This is a guest blog post written by Jennifer M. Morrison, a Marketing Professional at Ed4Online. Ed4Online is a continuing education provider offering hundreds of online courses in four distinct areas of online education including career training, information technology, professional development and behavioral health training.
If you’ve ever talked with a preschooler for more than a minute, you’ve inevitably been asked the question, “why?” You may tell them a tiger has stripes and a lion does not but they will want to know why that is the case. It’s a question that will be posed to you often during your professional career and one you must be able to answer if you want to succeed. You may suggest to your supervisor that the department implement a new procedure but if you can’t explain the why, your suggestion will most likely be ignored, even if it is an effective and necessary proposal.
So often teachers and professors at all academic levels are asked why they require their students to write expository essays on subjects, even ones with practical, hands-on application. Expository writing is that which explains and informs the reader. Shouldn’t the teacher already know the finer points of the topic they are teaching? They do, but instructors use writing as a tool to evaluate whether the student not only knows the facts but if they understand the idea being taught.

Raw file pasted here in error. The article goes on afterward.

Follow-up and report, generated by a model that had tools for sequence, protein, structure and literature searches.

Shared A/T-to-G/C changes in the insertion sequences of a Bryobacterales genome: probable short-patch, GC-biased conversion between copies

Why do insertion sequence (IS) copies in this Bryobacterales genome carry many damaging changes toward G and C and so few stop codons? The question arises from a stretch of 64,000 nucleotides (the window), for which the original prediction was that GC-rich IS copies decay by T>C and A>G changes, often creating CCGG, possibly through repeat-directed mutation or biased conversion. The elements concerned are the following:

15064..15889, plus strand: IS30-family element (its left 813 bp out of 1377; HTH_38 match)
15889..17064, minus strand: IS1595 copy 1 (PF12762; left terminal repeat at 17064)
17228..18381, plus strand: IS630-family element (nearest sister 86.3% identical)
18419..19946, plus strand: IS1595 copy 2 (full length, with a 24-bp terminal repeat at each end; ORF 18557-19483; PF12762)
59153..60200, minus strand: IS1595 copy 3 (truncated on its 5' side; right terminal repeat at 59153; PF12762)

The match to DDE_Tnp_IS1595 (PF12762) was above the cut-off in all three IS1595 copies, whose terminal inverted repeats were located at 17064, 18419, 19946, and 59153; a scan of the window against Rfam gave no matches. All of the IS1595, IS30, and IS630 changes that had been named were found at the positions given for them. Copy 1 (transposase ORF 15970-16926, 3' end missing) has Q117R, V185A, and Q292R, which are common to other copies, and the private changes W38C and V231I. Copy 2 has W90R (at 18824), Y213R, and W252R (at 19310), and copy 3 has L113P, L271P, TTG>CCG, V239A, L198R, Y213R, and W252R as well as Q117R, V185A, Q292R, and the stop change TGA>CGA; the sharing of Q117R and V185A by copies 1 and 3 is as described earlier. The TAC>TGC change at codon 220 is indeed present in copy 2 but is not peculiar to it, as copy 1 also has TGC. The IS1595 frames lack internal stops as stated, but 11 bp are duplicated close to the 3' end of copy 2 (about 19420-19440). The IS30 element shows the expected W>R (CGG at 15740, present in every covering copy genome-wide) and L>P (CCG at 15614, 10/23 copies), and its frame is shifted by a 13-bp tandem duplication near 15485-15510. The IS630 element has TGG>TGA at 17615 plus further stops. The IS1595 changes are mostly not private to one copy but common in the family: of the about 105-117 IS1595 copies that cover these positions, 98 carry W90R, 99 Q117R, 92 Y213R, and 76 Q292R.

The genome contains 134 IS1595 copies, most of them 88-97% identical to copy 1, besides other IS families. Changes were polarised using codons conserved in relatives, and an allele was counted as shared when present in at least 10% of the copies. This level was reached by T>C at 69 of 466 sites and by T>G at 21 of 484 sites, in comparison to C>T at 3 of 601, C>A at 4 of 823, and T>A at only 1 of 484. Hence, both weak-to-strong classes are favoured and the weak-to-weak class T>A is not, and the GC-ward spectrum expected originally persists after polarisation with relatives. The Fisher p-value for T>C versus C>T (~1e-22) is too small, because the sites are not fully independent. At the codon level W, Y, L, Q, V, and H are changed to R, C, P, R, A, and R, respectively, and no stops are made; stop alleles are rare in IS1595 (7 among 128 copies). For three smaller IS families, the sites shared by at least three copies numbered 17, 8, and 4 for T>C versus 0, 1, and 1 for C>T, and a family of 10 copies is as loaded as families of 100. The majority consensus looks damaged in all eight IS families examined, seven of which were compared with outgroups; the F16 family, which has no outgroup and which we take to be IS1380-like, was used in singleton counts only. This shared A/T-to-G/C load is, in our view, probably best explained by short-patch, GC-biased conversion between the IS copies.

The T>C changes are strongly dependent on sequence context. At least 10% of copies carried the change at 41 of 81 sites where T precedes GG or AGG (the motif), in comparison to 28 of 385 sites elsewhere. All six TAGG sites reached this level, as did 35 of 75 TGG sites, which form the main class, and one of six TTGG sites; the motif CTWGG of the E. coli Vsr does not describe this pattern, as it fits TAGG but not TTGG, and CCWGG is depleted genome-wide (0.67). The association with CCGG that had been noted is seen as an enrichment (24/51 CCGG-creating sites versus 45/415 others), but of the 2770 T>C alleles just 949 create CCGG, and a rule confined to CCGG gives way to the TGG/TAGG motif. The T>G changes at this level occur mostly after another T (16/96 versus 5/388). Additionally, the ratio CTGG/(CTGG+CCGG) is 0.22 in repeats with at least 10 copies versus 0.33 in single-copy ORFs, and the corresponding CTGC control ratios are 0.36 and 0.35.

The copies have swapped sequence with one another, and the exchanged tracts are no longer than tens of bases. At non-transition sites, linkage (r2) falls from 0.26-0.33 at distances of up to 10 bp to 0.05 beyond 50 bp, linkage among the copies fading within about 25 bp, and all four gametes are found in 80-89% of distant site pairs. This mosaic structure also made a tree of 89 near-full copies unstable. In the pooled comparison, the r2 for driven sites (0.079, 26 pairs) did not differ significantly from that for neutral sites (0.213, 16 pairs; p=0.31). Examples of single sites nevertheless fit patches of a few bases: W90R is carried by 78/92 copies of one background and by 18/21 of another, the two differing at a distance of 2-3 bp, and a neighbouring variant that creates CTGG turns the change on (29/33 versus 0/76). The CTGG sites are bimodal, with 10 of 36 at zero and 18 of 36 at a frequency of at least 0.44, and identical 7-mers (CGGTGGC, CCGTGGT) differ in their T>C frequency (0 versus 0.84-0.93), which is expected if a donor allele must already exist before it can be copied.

Writing in an academic setting forces the student to demonstrate that he or she not only knows the key elements of the subject at hand, but that he or she understands the information as well. Knowing an idea can simply be based in rote memory but understanding the idea means the student knows the cause and the mostly likely outcomes of the idea. For example, a person knows there is a glass of water on the table because it can be visualized but to understand it’s there means the observer realizes someone had to fill up the glass with water, and then place it on the table, and it’s most likely someone will drink the water from the glass.
Understanding cannot be taught but it can be measured. When assigned a topic to expound upon in an essay, the instructor wants the student to demonstrate his or her understanding of the facets of the knowledge imparted during the lessons. The student can do so by writing an essay explaining the topic and its applications as if the preschooler was reading it and asking, “why?” or the student could compare and contrast the practical applications of the knowledge against not using it at all or perhaps against another method.
The ability to understand may not come immediately for some students. It can take time and much thought and practice to fully understand a concept. Students must constantly ask and answer the question, “why?” and its follow ups, “how?” and “when?” Academic writing is as much about demonstrating the understanding of a topic as it is practicing the process of understanding.
When you find yourself presenting your supervisor with an idea that will streamline your production process or save the company money you will be asked “why?” Why should the company adjust their procedure? How will this help streamline the process? When would be the best time to implement such a change? If you can answer these questions before you ever make the suggestion, you’ll be sure to make a compelling argument.